The first step in manufacturing stainless steel parts is the actual fabrication. All parts must be made to spec, and obviously must adhere to the guidelines of design and application.
But once that phase is complete, is the job done? The resounding answer is no. The next phase is passivation, and this is just as critical as the fabrication process. Passivation ensures the crucial corrosion-resistance of stainless steel parts, and it’s the difference between parts that perform as needed, and parts that fail. And if not done correctly, corrosion is inevitable.
First let’s look at why passivation is necessary. When stainless steel components have been made, they still have layers of grease, oil, and other substances on their surface. The surface of the components also have a naturally-occurring oxide film due to oxygen exposure. Then when it is in operation, it is subject to abrasion and corrosion, and can be weakened or damaged. Therefore, there is a twofold need: first, to remove the post-fabrication oxide layer, and second, to prevent corrosion during operation.
Accordingly, chemical passivation is a two-step process that addresses both of those needs. The first step of the process removes iron and/or iron compounds on the surface with a nitric acid solution—a strong mineral acid. The acid dissolves the iron and iron compounds without affecting the component’s surface. Next, an oxidizer converts chromium metal on the surface, creating a layer of chromium-oxide protection. The two-step procedure results in the removal of all impurities from the parts, while providing resistance to oxidation, corrosion, and chemical attack.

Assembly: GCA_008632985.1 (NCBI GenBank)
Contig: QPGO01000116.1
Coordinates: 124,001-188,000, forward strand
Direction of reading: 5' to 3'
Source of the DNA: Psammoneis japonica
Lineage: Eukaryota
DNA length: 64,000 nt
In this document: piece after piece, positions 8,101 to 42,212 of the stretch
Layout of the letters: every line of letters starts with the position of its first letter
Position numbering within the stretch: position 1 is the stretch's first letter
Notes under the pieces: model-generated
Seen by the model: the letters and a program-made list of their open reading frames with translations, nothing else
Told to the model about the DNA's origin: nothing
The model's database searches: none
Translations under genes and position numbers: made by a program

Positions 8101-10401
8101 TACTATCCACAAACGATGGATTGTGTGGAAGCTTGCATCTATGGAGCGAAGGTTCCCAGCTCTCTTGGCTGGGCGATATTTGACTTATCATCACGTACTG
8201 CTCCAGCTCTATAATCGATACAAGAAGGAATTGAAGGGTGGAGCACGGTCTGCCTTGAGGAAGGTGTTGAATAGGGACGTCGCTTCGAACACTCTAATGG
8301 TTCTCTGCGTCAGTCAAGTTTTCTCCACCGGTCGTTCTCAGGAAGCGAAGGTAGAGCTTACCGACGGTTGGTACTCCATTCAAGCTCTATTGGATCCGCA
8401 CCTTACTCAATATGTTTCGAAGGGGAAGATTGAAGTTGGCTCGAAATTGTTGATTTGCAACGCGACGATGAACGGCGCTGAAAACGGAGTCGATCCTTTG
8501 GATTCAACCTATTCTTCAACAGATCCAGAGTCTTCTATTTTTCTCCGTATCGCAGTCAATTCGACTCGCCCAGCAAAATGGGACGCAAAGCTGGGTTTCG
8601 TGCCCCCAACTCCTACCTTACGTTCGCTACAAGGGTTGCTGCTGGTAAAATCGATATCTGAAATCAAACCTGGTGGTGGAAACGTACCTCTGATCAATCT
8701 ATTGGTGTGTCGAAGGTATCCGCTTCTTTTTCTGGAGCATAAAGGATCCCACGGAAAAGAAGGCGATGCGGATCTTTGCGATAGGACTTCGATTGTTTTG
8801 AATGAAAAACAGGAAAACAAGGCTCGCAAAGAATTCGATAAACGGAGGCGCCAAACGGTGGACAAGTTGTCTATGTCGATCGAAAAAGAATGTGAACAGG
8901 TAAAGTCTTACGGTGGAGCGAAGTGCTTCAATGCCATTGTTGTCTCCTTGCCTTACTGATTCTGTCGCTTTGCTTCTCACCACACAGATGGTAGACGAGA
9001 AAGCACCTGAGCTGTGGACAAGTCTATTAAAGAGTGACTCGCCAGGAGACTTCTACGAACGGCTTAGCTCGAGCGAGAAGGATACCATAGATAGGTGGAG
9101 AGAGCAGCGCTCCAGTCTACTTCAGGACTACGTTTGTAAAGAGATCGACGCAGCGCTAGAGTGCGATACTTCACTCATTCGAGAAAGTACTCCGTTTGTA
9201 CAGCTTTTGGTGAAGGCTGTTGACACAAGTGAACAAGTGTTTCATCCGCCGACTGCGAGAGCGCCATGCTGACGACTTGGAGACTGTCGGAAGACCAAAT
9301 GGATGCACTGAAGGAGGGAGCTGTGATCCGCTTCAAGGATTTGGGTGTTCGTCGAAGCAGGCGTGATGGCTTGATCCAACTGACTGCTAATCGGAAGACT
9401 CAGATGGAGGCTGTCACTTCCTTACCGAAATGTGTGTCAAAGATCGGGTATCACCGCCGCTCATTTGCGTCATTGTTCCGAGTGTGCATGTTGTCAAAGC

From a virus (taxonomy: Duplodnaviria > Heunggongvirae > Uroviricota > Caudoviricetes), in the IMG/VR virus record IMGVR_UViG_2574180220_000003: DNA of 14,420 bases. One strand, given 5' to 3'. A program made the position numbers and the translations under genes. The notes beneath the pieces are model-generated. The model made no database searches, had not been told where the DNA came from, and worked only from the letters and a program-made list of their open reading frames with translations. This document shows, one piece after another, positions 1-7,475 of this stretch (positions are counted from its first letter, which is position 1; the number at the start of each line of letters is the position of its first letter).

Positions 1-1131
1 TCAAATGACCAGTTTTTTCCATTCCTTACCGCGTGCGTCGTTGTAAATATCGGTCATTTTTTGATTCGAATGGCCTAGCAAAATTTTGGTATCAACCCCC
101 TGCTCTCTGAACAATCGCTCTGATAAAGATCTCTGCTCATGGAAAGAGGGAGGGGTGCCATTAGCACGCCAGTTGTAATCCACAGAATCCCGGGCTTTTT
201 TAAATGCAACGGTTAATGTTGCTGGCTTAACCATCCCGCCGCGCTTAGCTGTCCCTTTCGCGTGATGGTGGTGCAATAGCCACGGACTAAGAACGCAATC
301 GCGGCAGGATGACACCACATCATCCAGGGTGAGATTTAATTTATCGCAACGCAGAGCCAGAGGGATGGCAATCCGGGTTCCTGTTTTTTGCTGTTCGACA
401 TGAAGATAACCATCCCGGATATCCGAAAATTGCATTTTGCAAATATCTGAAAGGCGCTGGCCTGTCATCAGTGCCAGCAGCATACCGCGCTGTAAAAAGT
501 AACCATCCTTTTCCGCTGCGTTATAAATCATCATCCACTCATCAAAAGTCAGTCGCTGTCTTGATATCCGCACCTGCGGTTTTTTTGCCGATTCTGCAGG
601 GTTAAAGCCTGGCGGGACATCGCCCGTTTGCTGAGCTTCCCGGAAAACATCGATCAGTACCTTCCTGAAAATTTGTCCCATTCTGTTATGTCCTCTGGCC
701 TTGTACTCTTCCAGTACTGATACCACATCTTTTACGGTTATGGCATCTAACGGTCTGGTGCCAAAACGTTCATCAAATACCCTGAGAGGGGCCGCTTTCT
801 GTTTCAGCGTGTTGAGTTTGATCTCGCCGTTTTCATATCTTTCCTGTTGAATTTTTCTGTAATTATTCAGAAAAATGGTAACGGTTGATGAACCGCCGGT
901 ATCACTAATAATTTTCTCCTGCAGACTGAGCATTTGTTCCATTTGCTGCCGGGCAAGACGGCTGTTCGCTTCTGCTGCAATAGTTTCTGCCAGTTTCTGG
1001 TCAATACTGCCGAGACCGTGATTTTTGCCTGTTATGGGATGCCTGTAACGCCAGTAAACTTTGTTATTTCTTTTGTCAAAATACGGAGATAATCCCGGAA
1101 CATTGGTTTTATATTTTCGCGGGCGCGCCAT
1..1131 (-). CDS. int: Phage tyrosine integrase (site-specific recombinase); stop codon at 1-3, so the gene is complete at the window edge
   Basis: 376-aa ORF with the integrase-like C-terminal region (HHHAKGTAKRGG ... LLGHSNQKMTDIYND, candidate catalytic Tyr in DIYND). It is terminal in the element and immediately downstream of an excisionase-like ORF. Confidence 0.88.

While there is no specific number that states how often parts should be passivated, the important thing to remember is that a company that specializes in the process can guide you according to your specific application. Likewise, passivation is a complex process, and doing it wrong can result in major issues going forward; therefore, it should be left to trained finishing specialists to process.
When done properly by those who specialize in passivating, parts will be treated to pass all testing requirements, including high humidity testing, salt spray, water immersion, and more. This is especially important for complex, highly-regulated industries, such as aerospace, medical, the military, and other areas where high-reliability and safety-critical parts are needed. Proper passivation adheres to all guidelines as outlined for type II, VI, and VIII listed in AMS-QQ-P-35 and Nitric 1-5 in ASTM A 967.
The results are stainless steel parts that are free of impurities and protected for future use. After all, quality fabrication means nothing if your parts are destined to fail.